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Saturday, January 29, 2005

The Jester Stole His Thorny Crown

Matt Bruce wrote a somewhat provocative reply to my post of a few days back entitled Finite Jest. I'm not that "boils down to 'F*** You' is quite the right - or indeed, a particularly fair, way to read what I wrote.

I do admit that some of the response give me pause, as quoted below:

Really, who's the intended audience when you write a line like that? You can't really claim to be trying to show people themselves the error of their ways; if you won't give them the benefit of any doubt, then they owe you nothing in terms of trying to justify their existence or beliefs to you. What's left over is essentially preaching to the choir, and if I'm not part of that choir...

There are some fair questions in there.

Who was I talking to with "Finite Jest?" There is, to be sure, more preaching to the choir than usually engage in there, and a little blowing off of steam, at a higher level than I normally prefer to do. But that was far from the only thing I was attempting to do there.

The person who firmly believes that we are being run by wise and prudent and brave leaders in America could indeed probably skip the entire essay, since he or she is quite unlikely to care about what I have to say anyway. But neither the world nor the country can be divided so neatly into the "choir" and the "barbarian horde," and so I primarily had another group of people in mind.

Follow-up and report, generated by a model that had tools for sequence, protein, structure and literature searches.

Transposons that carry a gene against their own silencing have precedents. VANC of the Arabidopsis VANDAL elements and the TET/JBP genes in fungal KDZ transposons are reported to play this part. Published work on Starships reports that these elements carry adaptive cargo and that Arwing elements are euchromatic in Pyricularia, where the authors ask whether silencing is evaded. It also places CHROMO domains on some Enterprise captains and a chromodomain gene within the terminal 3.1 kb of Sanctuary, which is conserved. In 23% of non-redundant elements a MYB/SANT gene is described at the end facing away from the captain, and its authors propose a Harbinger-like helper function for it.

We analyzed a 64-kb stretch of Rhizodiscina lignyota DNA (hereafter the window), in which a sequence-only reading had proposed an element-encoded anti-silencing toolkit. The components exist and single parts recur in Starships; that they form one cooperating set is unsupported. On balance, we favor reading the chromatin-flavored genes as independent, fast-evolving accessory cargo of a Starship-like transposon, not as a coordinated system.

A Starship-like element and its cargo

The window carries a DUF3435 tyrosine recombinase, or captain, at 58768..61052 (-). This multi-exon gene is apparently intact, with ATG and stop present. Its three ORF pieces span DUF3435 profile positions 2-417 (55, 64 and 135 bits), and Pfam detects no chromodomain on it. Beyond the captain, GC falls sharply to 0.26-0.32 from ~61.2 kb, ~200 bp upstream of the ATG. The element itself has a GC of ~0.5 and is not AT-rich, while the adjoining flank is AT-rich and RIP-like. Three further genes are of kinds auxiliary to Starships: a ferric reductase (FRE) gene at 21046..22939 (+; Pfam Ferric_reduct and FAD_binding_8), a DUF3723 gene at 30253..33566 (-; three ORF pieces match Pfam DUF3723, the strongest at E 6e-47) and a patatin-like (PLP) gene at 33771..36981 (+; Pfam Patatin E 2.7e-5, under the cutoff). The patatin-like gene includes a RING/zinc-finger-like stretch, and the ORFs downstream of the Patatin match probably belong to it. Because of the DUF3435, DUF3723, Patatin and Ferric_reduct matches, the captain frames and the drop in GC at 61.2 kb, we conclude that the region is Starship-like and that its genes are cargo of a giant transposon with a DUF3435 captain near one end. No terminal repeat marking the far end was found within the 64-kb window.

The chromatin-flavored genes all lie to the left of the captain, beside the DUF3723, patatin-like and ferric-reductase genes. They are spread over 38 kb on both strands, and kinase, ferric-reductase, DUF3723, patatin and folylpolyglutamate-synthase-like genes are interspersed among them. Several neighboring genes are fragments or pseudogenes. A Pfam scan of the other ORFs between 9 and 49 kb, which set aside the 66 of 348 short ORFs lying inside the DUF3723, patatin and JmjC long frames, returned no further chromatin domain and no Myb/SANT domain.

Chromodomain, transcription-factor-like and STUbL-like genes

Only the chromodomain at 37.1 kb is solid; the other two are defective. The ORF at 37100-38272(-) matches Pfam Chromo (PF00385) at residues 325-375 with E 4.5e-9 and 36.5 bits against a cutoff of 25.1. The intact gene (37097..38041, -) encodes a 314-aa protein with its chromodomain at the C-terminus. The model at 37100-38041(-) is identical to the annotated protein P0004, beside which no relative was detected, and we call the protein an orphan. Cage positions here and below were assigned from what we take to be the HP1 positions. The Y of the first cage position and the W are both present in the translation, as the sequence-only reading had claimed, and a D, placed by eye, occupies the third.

I had conceived of a hypothetical person who votes Republican marginally more often than Democratic, and the point of the whole essay was to shed a little light on what I think is something rotten at the core of what is called "movement conservatism."

For this purpose I took three quotes, none of them from the fundamentalist Christian camp, since that wasn't exactly my target for this post. One of them was from a major figure in movement conservatism going back decades, another from a ruling President at the absolute minimum adored by movement conservatives, and a third by an entertainer whom it is reasonable to conclude was hired by movement conservatives. Little's comedy routine is pretty mean-spirited, and I think it says something unflattering about those who approved of it. Bush's line inadvertently speaks volumes about the priorities of his administration; it can't really be an accident that his policies have favored his paymasters to the detriment of everyone else (both inside and outside the United States.) Norquist's sickening comments largely speak for themselves. (And this is no isolated gaffe, either - you could spend an evening reading similarly appalling stuff he's said or written.)

Implicit in my post, I think, is asking the question of that hypothetical person: Is this where he or she really wants to be casting their lot? Depending on your perspective, this may in some sense qualify as "showing people the error of their ways."

As for the benefit of the doubt line that spurred Matt's was probably the worst line in the entire essay. It meant something more specific than I think Matt perceived. There are essentially no honest policy debates taking place in what passes for the political dialogue these days, and the tone is set at the highest levels. There has been a "my way or the highway" approach to governance coming from the Republican Party since the early 1990s, and it has served them well electorally. You can hear eliminationist rhetoric from the ranks of movement conservatives and even from some of their opinion leaders on a regular basis.

All I'm saying is that my guard is up.


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